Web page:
During a field trip about a decade ago, Katherine Bueler stopped her science students beside a duck pond to soak in the spring afternoon. She broke out a Frisbee and asked who wanted to play. None of them did, instead turning their eyes down to their cellphones.
“It was disappointing and kind of freaky,” Bueler says. “It was one of those early moments where I realized, whoa, this is different.”
She teaches eighth-grade science at El Camino Real, an early beneficiary of the Education Technology Note property tax that has funded the Santa Fe Public Schools Digital Learning Plan, and saw some of that same infatuation when iPads entered her classroom. With them came a flexibility in teaching, working with students and allowing them to find new ways to engage with the material. She’s already experienced success with a student who struggled to succeed in class, but who found an app that lets you create planets and stars and see how they interact with one another, and in the ability to use programs through Google Classroom to provide feedback on student work as its written.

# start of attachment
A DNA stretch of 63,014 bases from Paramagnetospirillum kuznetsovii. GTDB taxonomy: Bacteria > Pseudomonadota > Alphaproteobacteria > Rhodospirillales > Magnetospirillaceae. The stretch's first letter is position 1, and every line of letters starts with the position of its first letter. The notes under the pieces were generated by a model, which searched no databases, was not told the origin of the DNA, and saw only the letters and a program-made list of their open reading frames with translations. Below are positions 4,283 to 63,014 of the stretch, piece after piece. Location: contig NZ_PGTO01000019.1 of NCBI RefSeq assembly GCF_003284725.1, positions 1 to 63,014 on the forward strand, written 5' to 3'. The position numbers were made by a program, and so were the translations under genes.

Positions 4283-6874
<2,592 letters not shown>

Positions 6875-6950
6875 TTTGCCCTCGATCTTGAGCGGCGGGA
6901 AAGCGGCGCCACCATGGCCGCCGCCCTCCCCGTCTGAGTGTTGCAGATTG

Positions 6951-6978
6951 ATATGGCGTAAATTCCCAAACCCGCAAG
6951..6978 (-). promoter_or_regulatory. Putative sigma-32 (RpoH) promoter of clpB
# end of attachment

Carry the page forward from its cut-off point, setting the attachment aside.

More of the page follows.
“[Technology] is jumping over hurdles that public school teachers face and giving us access to resources that wealthier families and schools take for granted, because we can get at some version of them in a virtual form, even if we can’t get at them in a concrete form,” she says. “It’s giving our kids access to a wider range of experiences than…
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